This unified vision has always been the backbone of how Antigone Rising conducts their business. And no matter what artists may think, the music business is just that -- a business.



If you look at the business model of a working band, the formula is simple: The band is brand that sells a product. The product is the music. The product can be sold in a variety of packages:

Radio airplay
Album Sales
Live concerts
Ticket Sales
Music videos
Broadcast royalties and DVD/home-video sales

There is an old adage: It takes money to make money. Each one of these package types has a substantial cost associated with its production, and there is no guarantee that simply because you make an album or video people will buy it. To add to the risk, there are also the costs associated with making these products available to as many people as possible and selling it in a way that will make them want to buy it.

The risks associated with the music business boil down to four areas:

  • Production - The process of recording, shooting or otherwise capturing the art form on some media

  • Manufacturing - The actual fabrication of the physical CD or DVD and packaging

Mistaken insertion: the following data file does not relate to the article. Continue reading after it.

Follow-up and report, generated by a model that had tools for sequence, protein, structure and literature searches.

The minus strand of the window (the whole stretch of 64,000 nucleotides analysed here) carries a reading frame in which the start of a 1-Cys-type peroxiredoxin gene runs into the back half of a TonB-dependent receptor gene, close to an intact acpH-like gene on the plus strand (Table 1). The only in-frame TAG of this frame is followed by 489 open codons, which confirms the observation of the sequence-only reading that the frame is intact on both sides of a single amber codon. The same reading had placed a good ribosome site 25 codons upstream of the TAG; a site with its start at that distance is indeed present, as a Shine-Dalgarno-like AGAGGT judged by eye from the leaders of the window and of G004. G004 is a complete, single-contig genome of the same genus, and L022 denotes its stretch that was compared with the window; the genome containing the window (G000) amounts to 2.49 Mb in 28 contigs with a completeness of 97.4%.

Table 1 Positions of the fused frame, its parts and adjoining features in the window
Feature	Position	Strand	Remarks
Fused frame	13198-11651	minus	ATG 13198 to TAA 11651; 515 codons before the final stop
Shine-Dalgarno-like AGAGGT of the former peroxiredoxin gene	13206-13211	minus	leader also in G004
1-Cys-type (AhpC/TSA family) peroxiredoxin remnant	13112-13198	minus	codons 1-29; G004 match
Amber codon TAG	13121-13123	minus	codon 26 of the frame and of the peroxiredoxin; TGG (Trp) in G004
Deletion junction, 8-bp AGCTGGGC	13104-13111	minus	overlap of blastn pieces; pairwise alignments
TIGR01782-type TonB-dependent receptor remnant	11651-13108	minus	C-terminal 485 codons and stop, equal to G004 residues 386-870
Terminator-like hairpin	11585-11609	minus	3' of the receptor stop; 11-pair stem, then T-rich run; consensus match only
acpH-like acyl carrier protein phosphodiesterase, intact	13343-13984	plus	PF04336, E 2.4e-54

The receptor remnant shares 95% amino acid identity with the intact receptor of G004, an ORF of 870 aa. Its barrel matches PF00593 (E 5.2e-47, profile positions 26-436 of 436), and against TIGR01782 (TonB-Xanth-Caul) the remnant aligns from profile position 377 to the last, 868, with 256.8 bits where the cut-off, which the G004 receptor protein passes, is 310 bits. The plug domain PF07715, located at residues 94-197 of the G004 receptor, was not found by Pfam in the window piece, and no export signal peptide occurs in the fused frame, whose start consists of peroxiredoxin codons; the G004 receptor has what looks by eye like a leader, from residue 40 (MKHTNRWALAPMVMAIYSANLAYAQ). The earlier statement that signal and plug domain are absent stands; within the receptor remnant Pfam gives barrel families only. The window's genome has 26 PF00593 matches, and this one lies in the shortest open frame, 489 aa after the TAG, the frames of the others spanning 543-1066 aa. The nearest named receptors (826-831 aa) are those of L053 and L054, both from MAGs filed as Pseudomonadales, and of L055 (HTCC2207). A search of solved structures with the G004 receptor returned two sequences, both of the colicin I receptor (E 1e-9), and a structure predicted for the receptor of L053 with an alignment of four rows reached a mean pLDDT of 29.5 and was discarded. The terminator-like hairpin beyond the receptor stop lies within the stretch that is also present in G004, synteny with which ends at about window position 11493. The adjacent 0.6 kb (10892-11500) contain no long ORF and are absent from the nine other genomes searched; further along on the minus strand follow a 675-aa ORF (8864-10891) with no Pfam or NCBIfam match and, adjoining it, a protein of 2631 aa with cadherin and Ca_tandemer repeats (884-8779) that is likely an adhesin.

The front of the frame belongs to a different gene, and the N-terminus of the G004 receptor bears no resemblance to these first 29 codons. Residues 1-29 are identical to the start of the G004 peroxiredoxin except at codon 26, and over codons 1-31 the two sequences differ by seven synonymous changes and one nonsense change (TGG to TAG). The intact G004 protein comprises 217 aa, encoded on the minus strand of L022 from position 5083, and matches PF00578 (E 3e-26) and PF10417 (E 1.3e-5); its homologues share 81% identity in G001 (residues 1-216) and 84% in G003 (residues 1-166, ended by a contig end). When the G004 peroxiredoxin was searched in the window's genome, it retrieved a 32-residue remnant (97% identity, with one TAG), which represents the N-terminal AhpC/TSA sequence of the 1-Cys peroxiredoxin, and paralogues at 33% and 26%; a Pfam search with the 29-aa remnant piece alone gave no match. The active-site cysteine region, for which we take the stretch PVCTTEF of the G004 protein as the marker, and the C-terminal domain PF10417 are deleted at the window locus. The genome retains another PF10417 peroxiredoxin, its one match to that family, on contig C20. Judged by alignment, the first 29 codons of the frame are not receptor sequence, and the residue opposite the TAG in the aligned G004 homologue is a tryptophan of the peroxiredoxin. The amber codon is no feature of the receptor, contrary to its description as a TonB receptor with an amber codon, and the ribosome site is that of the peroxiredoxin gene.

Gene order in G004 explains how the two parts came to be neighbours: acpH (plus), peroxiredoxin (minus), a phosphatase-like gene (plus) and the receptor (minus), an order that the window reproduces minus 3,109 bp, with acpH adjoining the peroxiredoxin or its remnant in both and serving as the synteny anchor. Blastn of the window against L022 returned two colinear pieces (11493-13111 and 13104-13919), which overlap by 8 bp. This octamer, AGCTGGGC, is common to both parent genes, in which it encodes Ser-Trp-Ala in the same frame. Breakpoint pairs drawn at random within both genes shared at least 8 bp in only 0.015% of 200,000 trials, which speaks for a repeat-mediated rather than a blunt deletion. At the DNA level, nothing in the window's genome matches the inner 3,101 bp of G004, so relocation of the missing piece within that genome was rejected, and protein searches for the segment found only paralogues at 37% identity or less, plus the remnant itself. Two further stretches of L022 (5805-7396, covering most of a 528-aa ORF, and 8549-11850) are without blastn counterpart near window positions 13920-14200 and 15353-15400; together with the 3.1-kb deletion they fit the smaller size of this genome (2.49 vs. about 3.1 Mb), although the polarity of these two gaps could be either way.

• Distribution - Getting the CD on the shelves of every possible record store, Web site and sales outlet

  • Marketing - The flashier side of the business that involves the "look" and "feel" of the product -- how it's sold, how it's portrayed, and most important, how many eyes see that the product is available

All of these business elements have something in common: They are very expensive. Enter the record company. The reason the record contract is the brass ring of "making it" is because it means, in many cases, that a well-funded, well-connected company will now be handling these very important aspects of the business. The record company will pay to have the album recorded and manufactured. The record company will use its distribution muscle to put the product in stores. The record company will have its marketing people spin their magic to make sure everyone knows about the product. But it all comes at a cost, and anybody taking the risk of fronting the cash for manufacturing, distribution, and marketing is going to want some say in how the product is made.